I’ve been creating stories for 25 years. Born and bred in Kentucky, I started working right out of college for CBS News in New York City. One September morning, I took the train to Washington, D.C. and I’ve been here ever since. I worked in television then, but after seven years of the 24/7 on-call lifestyle, I went back to school at Georgetown University, where I read big thoughts of great writers, and earned a Master’s degree in Humanities. During my studies, I found my way to National Geographic where I became a staff writer for their magazine.
My personal and professional travels have taken me from the Pacific Ocean’s floor in a submersible called Alvin to the top the Atlas Mountains in Morocco. I’ve trekked through rice paddies in Indonesia, SCUBAed for underwater treasures in Eastern Europe, had tea in the Sahara and visited a thousand places in between. I love seeing the world, but more than that, I love to hear stories of the fascinating people and creatures in it.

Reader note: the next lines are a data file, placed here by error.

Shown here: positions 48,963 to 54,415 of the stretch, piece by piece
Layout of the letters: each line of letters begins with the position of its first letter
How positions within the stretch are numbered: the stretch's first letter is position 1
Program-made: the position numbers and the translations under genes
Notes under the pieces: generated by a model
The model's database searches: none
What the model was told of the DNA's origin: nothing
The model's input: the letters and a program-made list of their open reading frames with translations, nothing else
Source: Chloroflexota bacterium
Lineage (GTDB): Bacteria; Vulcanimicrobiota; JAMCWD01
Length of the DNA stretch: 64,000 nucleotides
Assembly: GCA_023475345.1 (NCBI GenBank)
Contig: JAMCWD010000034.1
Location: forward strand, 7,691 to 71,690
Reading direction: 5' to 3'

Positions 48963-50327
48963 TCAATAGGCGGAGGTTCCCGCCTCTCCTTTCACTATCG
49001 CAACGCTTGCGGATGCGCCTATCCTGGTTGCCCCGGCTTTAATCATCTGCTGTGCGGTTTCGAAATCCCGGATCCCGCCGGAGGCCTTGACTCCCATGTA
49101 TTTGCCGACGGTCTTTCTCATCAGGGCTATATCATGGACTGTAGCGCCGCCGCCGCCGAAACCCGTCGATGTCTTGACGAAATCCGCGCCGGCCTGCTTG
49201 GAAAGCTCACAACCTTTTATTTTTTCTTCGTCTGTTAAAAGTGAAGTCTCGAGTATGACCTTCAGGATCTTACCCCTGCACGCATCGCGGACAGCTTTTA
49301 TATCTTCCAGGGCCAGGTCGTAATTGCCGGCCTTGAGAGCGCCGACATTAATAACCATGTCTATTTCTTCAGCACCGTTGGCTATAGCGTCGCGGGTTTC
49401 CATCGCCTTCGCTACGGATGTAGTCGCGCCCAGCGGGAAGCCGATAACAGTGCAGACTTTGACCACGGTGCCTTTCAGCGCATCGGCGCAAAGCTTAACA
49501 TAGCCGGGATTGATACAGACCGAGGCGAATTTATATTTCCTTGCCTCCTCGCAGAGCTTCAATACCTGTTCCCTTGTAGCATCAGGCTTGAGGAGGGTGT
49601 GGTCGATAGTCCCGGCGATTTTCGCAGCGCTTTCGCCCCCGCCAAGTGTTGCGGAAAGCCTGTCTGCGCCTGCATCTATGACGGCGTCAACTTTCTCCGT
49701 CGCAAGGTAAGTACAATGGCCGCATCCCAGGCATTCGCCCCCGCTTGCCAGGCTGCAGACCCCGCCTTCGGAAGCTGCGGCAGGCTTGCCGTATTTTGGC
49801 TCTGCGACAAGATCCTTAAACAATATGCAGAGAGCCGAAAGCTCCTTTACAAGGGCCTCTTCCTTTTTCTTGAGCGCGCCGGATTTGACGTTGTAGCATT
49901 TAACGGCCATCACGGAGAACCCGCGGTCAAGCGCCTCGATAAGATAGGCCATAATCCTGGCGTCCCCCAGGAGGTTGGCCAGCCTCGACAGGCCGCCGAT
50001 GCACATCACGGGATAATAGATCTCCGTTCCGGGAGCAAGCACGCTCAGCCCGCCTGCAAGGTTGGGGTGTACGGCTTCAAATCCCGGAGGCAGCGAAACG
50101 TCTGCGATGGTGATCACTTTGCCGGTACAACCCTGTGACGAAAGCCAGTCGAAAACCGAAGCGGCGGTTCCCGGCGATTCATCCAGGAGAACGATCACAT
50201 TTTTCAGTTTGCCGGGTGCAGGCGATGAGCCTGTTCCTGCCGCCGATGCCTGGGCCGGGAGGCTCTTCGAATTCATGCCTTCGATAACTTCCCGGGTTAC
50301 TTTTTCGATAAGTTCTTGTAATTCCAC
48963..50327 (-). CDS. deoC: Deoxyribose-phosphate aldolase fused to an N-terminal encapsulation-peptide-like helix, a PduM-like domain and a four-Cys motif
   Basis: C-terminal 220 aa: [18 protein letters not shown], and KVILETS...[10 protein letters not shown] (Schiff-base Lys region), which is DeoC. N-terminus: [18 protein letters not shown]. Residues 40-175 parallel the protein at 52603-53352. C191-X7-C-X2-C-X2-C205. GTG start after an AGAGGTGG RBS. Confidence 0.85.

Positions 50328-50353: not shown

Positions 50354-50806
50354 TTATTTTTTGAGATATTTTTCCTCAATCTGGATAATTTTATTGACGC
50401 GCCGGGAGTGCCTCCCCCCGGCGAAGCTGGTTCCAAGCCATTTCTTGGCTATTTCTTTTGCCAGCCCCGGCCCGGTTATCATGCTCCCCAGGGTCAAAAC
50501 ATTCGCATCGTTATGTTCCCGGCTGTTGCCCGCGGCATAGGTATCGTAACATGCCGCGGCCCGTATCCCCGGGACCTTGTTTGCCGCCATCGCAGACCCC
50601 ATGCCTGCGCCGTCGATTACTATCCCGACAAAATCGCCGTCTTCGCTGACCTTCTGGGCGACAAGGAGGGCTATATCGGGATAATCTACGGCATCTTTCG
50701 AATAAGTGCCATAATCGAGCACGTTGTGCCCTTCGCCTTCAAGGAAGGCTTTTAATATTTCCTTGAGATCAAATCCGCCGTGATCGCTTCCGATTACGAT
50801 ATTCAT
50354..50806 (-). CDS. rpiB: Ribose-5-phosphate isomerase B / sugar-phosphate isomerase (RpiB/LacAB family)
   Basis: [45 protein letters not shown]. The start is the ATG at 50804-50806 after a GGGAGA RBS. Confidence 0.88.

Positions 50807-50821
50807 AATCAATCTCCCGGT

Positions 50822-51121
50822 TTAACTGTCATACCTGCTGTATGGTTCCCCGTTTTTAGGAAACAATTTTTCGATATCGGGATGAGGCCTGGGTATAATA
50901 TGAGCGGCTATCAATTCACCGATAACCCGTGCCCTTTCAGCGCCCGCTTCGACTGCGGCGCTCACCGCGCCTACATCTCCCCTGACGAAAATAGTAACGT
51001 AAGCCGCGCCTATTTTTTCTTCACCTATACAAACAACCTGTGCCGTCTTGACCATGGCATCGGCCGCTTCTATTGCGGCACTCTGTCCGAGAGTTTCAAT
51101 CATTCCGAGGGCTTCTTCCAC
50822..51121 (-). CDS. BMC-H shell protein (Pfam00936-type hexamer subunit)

I’ve covered politics and presidential campaigns as well as archaeology, marine biology, and cultural anthropology stories all over the planet. Despite delays and cramped seating, airplanes are exciting to me because they usually indicate a door opening to a new adventure. My writing has appeared in Reader’s Digest, where I was the National Affairs Reporter, The Washington Post, the New York Times, Arlington magazine, AARP Bulletin, Trust, George, and in the anthology A Woman’s Europe. I’ve written three NYT bestsellers: Safari, Ocean, and Polar, a regional bestseller 97 Ways to Make a Cat Like You, and a self-published book Mama Tricks.
These days, I have many jobs. I’m a full-time writer with an office in Washington, D.C. that I rarely see; a full-time mother of two teens, three rescue cats, and a very opinionated bulldog; and most recently, a wine consultant for the best clean-crafted wine on the planet. I also try to be a friend who listens and a wife who still dates her husband, not to mention a neighbor who prioritizes getting together with the folks down the street and share a nice Chardonnay.